# MODULE I VOCABULARY PART VI.

## Presentation on theme: "MODULE I VOCABULARY PART VI."— Presentation transcript:

MODULE I VOCABULARY PART VI

POLYGONS BY NUMBERS Today, we will be discussing the last few of our vocabulary words. Most of these are words you have heard before, but today, we’ll be talking about them in a bit of a different way.

POLYGONS BY NUMBERS The first figure we’ll discuss today is a triangle. A triangle is a three-sided polygon.

POLYGONS BY NUMBERS There are three names for triangles based on their angles. They are obtuse, acute and right. There are three names for triangles based on their sides. They are equilateral, isosceles, and scalene.

POLYGONS BY NUMBERS Obtuse triangles have one angle that is larger than 90⁰. Acute triangles have only angles that are smaller than 90⁰. Right triangles have one angle which is exactly 90⁰.

POLYGONS BY NUMBERS Equilateral triangles have all sides of the same length. Isosceles triangles have two sides of the same length. Scalene triangles have no sides of the same length.

POLYGONS BY NUMBERS The perimeter of a triangle is calculated by adding all the side lengths together. The area is found by ½ base x height. Most often, for now, we’ll be working with right triangles.

POLYGONS BY NUMBERS Next up is a square.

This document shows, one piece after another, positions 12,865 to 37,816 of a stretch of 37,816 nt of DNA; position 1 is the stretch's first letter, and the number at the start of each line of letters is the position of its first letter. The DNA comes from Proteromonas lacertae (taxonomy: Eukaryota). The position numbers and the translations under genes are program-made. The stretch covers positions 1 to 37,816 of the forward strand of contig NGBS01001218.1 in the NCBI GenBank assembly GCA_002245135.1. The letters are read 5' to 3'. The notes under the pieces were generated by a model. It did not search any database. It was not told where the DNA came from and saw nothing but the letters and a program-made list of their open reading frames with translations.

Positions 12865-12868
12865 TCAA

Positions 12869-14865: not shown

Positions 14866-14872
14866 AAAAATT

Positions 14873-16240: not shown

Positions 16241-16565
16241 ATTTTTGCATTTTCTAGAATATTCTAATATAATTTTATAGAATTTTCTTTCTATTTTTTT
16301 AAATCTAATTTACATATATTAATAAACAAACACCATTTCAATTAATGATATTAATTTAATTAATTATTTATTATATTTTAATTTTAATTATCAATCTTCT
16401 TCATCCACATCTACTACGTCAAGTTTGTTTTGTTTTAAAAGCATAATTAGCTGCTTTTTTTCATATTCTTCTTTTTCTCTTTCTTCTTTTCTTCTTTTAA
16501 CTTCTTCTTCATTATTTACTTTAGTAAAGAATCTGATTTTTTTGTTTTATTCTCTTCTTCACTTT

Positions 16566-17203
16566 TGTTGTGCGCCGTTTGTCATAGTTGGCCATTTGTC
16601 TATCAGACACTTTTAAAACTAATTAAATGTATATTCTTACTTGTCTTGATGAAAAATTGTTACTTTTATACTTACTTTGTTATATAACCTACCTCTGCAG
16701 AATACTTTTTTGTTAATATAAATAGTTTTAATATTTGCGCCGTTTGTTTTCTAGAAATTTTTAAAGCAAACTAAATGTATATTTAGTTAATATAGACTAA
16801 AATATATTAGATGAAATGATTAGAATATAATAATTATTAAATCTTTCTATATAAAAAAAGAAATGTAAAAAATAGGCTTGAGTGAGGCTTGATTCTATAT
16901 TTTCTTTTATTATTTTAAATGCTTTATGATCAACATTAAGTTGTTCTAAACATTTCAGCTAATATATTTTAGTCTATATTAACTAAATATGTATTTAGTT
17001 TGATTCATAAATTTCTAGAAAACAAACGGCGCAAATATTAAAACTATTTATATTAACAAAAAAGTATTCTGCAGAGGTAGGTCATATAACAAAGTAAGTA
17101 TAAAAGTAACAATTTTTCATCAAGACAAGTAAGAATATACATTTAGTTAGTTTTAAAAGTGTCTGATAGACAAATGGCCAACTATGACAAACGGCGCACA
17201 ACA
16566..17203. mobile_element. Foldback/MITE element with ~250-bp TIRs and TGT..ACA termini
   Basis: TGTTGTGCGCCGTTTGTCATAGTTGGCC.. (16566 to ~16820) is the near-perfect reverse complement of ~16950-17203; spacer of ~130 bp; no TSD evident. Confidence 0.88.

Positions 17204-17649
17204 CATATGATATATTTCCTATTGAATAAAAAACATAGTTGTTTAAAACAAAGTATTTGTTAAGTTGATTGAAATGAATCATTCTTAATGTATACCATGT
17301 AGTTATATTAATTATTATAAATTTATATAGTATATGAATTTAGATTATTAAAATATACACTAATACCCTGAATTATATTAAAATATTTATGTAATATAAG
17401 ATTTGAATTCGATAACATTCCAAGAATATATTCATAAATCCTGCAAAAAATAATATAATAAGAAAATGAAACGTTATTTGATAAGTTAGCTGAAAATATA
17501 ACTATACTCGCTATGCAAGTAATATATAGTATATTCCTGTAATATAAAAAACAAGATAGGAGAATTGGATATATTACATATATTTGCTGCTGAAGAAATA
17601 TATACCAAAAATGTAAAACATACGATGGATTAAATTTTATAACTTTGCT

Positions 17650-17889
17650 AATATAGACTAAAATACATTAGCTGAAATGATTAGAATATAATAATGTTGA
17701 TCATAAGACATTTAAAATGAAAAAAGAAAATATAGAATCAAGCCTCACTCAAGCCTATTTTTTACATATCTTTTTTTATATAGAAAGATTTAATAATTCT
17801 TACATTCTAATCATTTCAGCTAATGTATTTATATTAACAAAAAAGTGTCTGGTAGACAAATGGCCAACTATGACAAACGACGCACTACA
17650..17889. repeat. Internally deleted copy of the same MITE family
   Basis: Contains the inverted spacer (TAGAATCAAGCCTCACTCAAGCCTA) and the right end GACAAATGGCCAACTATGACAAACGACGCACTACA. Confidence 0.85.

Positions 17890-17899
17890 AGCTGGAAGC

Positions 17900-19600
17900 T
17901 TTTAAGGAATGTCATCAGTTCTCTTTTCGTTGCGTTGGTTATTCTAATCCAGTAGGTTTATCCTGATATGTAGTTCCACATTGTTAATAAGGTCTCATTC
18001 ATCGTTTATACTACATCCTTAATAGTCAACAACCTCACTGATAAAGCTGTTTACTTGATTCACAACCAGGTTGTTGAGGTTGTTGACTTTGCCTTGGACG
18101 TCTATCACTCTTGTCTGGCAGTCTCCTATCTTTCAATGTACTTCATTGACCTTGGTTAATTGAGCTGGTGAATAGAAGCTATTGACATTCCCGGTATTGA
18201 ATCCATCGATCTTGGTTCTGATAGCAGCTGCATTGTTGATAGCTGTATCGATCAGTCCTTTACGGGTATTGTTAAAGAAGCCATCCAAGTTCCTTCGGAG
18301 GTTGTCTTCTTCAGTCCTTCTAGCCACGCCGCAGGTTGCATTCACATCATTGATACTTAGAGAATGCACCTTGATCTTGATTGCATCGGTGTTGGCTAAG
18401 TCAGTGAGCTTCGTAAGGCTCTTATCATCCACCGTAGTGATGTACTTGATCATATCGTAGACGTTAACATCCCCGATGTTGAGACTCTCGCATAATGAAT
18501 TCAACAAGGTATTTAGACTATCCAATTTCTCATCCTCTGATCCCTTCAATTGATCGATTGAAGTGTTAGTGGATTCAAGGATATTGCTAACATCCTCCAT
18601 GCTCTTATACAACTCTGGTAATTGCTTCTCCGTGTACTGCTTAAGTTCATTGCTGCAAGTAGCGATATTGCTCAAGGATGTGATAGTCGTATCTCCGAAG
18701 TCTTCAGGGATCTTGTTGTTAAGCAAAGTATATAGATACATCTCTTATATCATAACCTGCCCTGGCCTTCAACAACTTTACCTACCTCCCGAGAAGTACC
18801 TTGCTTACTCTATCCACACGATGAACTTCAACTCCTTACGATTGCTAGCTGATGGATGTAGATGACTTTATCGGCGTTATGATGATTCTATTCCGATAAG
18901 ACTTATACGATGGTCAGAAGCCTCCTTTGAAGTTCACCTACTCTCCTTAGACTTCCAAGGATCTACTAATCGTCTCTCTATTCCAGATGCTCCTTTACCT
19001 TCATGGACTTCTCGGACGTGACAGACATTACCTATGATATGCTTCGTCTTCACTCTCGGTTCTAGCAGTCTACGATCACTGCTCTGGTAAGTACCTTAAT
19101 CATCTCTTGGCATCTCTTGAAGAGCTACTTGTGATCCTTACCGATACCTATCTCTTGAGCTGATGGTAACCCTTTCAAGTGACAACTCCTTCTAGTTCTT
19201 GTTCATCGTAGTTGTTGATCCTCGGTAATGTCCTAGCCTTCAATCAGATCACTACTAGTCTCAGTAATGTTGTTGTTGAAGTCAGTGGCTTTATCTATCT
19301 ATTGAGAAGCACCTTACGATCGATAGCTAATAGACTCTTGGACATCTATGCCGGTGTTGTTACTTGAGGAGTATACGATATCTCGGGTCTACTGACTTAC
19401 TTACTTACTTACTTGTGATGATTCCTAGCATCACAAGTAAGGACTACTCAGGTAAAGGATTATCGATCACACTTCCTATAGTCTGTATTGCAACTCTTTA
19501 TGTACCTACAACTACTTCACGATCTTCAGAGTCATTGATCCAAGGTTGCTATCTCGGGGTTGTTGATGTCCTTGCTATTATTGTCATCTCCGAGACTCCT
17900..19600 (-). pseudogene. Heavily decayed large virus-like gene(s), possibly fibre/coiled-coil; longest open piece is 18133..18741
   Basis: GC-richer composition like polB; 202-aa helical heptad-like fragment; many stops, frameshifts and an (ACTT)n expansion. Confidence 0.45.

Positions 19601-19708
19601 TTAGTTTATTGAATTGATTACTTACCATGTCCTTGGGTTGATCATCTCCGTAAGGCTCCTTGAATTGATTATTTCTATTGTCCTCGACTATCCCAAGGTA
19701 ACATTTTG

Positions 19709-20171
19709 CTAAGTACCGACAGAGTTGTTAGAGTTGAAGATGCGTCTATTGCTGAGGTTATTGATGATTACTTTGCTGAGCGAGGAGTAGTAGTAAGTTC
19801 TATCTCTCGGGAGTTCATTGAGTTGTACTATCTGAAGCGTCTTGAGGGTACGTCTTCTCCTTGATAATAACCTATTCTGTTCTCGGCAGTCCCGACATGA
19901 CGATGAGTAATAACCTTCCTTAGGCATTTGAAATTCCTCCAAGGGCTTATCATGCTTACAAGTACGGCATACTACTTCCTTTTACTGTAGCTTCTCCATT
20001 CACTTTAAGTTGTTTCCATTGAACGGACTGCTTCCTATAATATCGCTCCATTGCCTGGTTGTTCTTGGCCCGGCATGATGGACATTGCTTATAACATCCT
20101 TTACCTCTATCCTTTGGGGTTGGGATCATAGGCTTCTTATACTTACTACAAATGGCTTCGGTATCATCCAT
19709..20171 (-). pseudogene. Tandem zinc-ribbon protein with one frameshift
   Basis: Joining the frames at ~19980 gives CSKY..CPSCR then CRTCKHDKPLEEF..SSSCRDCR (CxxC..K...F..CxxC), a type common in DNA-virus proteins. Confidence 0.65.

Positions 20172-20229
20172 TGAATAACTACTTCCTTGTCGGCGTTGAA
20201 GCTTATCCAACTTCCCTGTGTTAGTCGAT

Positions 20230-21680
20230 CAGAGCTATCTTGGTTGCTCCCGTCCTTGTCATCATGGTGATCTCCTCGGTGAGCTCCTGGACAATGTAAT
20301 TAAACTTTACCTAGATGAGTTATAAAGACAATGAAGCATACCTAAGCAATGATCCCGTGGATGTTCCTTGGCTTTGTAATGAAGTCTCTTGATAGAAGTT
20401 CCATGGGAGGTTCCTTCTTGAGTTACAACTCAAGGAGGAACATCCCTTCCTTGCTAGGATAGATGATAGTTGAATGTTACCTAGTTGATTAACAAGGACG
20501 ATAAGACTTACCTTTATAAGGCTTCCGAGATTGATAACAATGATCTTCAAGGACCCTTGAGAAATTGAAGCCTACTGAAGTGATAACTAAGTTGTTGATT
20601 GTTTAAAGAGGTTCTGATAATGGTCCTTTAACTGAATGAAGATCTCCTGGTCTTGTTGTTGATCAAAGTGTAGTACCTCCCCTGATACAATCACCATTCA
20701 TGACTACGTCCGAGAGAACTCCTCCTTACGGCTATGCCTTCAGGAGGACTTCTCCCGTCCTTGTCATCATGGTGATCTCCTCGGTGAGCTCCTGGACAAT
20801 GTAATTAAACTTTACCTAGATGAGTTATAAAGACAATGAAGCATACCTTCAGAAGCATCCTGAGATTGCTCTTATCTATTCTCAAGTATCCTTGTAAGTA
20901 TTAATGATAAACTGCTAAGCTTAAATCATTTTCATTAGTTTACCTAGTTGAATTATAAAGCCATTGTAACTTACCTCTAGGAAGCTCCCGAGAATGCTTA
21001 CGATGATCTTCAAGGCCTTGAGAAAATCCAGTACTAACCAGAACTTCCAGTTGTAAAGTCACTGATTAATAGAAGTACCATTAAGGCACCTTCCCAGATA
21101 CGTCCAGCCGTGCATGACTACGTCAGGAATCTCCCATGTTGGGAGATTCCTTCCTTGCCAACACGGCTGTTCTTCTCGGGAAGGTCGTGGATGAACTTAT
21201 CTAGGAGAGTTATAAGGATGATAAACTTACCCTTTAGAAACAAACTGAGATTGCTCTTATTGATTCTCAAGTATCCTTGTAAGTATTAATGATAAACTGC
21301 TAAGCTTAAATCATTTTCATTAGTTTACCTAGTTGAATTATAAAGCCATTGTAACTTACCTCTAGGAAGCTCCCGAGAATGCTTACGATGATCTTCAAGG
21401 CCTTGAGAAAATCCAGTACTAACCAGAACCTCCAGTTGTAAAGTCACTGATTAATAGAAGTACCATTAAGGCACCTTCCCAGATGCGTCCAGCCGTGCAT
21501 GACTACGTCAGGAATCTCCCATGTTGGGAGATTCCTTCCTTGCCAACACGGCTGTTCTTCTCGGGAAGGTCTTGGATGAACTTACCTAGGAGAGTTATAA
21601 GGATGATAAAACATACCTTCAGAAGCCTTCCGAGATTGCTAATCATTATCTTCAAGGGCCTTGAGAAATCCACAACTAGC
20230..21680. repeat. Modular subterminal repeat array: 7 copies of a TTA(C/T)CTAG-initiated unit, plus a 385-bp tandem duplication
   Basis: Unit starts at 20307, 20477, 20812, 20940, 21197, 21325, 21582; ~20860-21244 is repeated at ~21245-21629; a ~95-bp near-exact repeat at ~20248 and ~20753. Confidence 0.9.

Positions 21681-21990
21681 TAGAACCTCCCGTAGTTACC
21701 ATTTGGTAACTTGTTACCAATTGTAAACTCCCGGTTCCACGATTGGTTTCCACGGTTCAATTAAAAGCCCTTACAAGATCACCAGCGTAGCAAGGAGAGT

A square is a polygon with four congruent sides and four right angles.

POLYGONS BY NUMBERS The perimeter of a square is calculated by adding all the side lengths together. The area is found by base x height.

POLYGONS BY NUMBERS Next is a rectangle.
A rectangle is simply a figure with four right angles. The perimeter of a rectangle is calculated by adding all the side lengths together. The area is found by base x height.

POLYGONS BY NUMBERS A polygon is a two-dimensional, closed figure formed by three or more lines. All of the figures we have discussed thus far are polygons.

POLYGONS BY NUMBERS The perimeter is the distance around the outside of a polygon. We can find this on polygons that are on the coordinate plane. To do so, we use the distance formula.

POLYGONS BY NUMBERS In case you forgot, the distance formula is 𝒙𝟐 −𝒙𝟏 𝟐+(𝒚𝟐 −𝒚𝟏) 2

POLYGONS BY NUMBERS Lastly, a theorem is a math statement proven to be true. We will be using theorems in our study of proofs. A proof is a stepwise series of reasoning leading us from a given statement to desired conclusion

POLYGONS BY NUMBERS For instance, a type of proof you may be asked to do is to prove that a certain figure, is indeed that figure. You can do so by proving their properties.

POLYGONS BY NUMBERS